WASHINGTON, December 22, 2016 – Our columns will get shorter and shorter during the remainder of 2016’s year-end holiday season, mainly because trading volume—and thus the reliability of stock pricing—tends to rapidly decline right around this time of year.
But that Christmas spirit makes trading treacherous as modest buys and sells by Wall Street Scrooges can sometimes trigger computer programs that get out of control, resulting in mispriced stocks and absurd losses in otherwise perfectly good stocks. This generally makes us unwilling to place our bets until the old year passes, lest we permit ourselves to be outfoxed by essentially meaningless low-volume individual stock and market moves.
On the other hand, friends, families, office parties and holiday travel plans replace stocks and bonds as a central focus in mid- to late-December, which is actually a good thing. Active investors like the Prudent Man often neglect key social interactions throughout much of the calendar year, and this time of year affords us the opportunity to catch up with what we’ve been missing.
So, like most of our fellow individual investing fanatics, we’re going to curtail our own investment activities and observations to a minimum into the New Year rather than making moves now we might later regret.
Those late-week negatives we’ve just noted have caused us to execute a couple of unexpected trades today on both offense and defense.
First of all, we dumped a recently acquired, broker recommendation list position in the ghost of Eastman Kodak. This once quintessentially American industrial giant blew up rapidly in the early 2000s, given its slow and mostly futile response to the almost overnight revolution in the printing, photography and movie industries. As a result, Kodak had to file for bankruptcy, having hit the point of no return during the Great Recession.
In short, what happened here that most of Kodak’s once world-leading businesses simply cratered. As in, who buys film any more? Who owns a Kodak camera? Who’s bought a Kodak copier recently? You get the picture.
Re-listed now under the symbol KODK after re-emerging from bankruptcy, this now severely shrunken company seems mostly interested in selling off its remaining patents and assets, leaving them with not much else, save for a modestly promising 3-D printer and associated businesses.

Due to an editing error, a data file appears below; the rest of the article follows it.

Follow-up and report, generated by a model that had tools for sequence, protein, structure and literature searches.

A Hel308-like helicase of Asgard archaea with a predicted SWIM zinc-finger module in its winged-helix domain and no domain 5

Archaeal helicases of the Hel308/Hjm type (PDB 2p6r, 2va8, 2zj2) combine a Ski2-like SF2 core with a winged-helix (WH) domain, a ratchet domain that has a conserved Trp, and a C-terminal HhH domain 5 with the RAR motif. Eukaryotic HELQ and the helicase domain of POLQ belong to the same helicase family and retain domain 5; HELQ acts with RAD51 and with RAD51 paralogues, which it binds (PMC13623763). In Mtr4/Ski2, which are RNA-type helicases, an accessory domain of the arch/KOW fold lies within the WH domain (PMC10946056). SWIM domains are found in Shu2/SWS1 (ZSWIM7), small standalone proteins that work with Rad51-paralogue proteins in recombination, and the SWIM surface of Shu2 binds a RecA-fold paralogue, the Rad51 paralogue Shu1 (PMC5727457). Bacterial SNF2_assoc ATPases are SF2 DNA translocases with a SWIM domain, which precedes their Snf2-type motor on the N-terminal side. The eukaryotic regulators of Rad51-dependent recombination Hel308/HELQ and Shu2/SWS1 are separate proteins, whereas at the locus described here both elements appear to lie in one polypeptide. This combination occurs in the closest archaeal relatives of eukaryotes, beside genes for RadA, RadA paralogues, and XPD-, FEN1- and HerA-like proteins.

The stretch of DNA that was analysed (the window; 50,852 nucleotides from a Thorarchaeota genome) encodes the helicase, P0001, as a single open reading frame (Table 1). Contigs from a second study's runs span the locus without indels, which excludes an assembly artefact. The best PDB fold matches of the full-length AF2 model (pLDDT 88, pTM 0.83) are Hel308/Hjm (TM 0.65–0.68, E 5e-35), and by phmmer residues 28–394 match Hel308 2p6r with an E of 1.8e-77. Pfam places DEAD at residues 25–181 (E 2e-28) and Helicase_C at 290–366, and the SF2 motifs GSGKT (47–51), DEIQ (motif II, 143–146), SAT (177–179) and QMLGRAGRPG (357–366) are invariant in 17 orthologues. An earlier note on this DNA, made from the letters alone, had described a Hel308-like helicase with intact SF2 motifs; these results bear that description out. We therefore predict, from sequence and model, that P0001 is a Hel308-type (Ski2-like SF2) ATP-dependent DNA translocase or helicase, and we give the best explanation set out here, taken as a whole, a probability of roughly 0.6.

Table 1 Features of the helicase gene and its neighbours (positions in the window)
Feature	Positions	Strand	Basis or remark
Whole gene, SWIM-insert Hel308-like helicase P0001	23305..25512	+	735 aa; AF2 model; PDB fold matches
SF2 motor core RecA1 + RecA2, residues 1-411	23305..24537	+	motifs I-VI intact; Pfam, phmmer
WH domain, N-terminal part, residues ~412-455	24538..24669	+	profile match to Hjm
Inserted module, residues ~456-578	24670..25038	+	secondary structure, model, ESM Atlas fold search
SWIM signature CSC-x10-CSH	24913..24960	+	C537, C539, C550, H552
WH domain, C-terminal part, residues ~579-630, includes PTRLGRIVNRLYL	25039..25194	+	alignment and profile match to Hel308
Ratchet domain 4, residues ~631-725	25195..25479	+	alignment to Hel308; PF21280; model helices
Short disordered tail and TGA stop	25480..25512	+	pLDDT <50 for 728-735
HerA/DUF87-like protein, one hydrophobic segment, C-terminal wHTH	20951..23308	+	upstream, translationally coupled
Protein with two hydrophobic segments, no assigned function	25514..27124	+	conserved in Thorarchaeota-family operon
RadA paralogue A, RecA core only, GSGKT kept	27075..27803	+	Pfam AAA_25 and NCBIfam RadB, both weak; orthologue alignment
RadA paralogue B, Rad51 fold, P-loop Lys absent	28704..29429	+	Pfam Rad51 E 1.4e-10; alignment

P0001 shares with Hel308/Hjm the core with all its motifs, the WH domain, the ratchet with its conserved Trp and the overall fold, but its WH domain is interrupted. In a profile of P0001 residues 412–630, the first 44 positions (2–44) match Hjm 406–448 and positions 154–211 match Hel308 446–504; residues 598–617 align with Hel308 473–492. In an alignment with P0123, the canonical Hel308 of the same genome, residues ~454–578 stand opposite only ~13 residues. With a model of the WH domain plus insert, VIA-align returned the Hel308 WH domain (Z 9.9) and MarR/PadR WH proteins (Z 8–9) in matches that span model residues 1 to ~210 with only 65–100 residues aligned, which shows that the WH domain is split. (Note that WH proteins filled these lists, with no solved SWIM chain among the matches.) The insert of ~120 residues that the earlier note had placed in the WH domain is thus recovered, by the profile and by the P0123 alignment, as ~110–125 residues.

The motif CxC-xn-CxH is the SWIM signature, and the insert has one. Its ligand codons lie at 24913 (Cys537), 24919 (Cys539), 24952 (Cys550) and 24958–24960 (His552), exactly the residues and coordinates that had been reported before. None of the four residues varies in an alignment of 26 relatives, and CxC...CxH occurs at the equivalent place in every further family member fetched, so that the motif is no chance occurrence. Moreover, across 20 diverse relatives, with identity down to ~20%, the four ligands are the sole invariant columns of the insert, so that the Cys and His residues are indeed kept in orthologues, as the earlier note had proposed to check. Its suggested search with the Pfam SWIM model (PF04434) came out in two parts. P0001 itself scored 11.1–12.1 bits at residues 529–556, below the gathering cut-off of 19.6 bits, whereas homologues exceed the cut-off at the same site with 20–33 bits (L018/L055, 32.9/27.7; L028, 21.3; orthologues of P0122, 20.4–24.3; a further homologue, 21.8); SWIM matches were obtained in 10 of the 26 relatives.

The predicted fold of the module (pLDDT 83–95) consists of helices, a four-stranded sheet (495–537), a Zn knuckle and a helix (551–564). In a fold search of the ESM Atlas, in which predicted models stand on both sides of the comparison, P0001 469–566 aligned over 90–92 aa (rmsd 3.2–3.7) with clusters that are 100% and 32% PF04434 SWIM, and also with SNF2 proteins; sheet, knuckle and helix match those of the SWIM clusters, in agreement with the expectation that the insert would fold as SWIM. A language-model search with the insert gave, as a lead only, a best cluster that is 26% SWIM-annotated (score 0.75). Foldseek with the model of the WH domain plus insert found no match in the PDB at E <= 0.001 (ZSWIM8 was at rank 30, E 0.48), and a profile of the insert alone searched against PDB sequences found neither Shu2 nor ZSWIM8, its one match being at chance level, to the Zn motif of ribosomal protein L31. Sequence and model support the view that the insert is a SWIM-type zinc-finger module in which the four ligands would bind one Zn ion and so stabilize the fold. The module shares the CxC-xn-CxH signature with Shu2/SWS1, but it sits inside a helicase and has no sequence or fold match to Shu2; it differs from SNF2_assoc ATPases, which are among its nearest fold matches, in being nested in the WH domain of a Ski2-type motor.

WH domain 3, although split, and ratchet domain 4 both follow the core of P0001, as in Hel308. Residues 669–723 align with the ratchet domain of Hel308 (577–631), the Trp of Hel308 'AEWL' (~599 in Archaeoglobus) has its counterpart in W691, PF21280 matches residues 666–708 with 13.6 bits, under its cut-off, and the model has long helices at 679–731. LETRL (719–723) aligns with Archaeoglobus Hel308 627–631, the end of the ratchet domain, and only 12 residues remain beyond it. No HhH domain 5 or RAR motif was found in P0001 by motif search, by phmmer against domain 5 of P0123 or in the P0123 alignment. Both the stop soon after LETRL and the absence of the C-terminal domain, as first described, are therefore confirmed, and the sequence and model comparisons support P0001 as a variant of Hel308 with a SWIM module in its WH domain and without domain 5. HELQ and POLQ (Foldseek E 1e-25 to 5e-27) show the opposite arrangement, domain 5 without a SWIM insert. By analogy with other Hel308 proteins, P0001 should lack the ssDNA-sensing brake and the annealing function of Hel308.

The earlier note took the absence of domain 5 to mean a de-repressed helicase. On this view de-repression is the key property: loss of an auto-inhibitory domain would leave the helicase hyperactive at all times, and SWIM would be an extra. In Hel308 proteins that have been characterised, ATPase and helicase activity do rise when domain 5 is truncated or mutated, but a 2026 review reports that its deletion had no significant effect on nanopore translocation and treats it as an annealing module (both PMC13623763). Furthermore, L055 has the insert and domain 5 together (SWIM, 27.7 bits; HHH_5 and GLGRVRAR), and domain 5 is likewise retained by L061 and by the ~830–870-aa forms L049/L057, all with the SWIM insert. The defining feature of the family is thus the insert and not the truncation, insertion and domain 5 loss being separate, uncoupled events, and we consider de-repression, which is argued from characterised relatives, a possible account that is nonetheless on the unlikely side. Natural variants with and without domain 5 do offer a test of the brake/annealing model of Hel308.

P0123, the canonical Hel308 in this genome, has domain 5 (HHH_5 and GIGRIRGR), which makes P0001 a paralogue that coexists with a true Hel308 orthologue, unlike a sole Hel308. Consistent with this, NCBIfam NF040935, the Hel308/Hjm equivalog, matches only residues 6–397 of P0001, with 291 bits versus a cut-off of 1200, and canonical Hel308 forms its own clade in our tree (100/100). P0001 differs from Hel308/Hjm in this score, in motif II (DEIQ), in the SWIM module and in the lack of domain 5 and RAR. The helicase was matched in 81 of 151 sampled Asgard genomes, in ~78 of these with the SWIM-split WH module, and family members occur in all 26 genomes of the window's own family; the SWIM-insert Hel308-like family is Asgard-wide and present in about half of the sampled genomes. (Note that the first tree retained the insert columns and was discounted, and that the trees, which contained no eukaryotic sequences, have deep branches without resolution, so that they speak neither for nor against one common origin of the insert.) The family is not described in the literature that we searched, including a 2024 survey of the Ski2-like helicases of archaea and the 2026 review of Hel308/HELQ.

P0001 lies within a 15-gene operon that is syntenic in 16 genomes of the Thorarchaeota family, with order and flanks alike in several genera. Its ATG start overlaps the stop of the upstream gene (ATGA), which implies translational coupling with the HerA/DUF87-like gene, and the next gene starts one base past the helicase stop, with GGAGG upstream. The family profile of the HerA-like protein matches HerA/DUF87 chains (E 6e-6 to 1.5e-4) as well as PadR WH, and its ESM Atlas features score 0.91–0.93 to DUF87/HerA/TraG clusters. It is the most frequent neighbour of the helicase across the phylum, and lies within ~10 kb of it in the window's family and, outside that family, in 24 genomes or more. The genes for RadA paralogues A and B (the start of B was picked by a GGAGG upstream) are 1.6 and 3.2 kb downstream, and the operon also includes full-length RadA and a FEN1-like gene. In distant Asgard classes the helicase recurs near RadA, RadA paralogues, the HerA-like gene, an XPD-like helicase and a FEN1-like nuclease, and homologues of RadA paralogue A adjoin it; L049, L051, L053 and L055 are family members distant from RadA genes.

Recently, the significant value of Kodak’s remaining assets put the common stock itself back on the apparent comeback trail. Hence the brokerage recommendation. But much of that recommendation was probably based on the crucial sale of another piece of Kodak technology that was supposed to happen about now.
But it didn’t.
The stock has been selling off big-time over the last couple of days. Losing nearly 7% so soon after we acquired the shares led us to sell the investment today, as we have rules in place that don’t allow us to let our losses run. (Only our profits.) Hindsight tells us we should have jumped into the stock when this recommendation was fresh, not three weeks after. KODK will probably jump again when the company actually sells more assets, probably some time next year. But as for now at least, we won’t be around for that event.
On the flip side, as the 4-week run-up in financial stocks has begun to wheeze a bit, we sold our modest position in vulture capitalist/financial investment firm Blackstone (BX) for a quick 12 percent profit, more than offsetting the loss in KODK. We’d only been in BX for about 6 weeks this time around. But we’d collected one good dividend, and, after the Kodak hit, we decided we’re not about to ride this volatile investment company stock down past this point.
We should point out that we’ve just placed this stock and one of its competitors, KKR (KKR) on our Year-end Bounceback lists. (Here and here.) That means it’s likely we’ll get back in again if it drops much further as we think the stock has a good way to go in 2017. We are still holding KKR, which was also down today. But recently at least, it’s been a bit less volatile, is still way up from where we bought it, so we’ll hold it as long as we can—i.e., as long as it makes sense.
Hopefully we’ll re-enter BX once again when the Scrooges lose interest in dumping these shares. We thing this one is great for the longer haul, but market behavior is market behavior.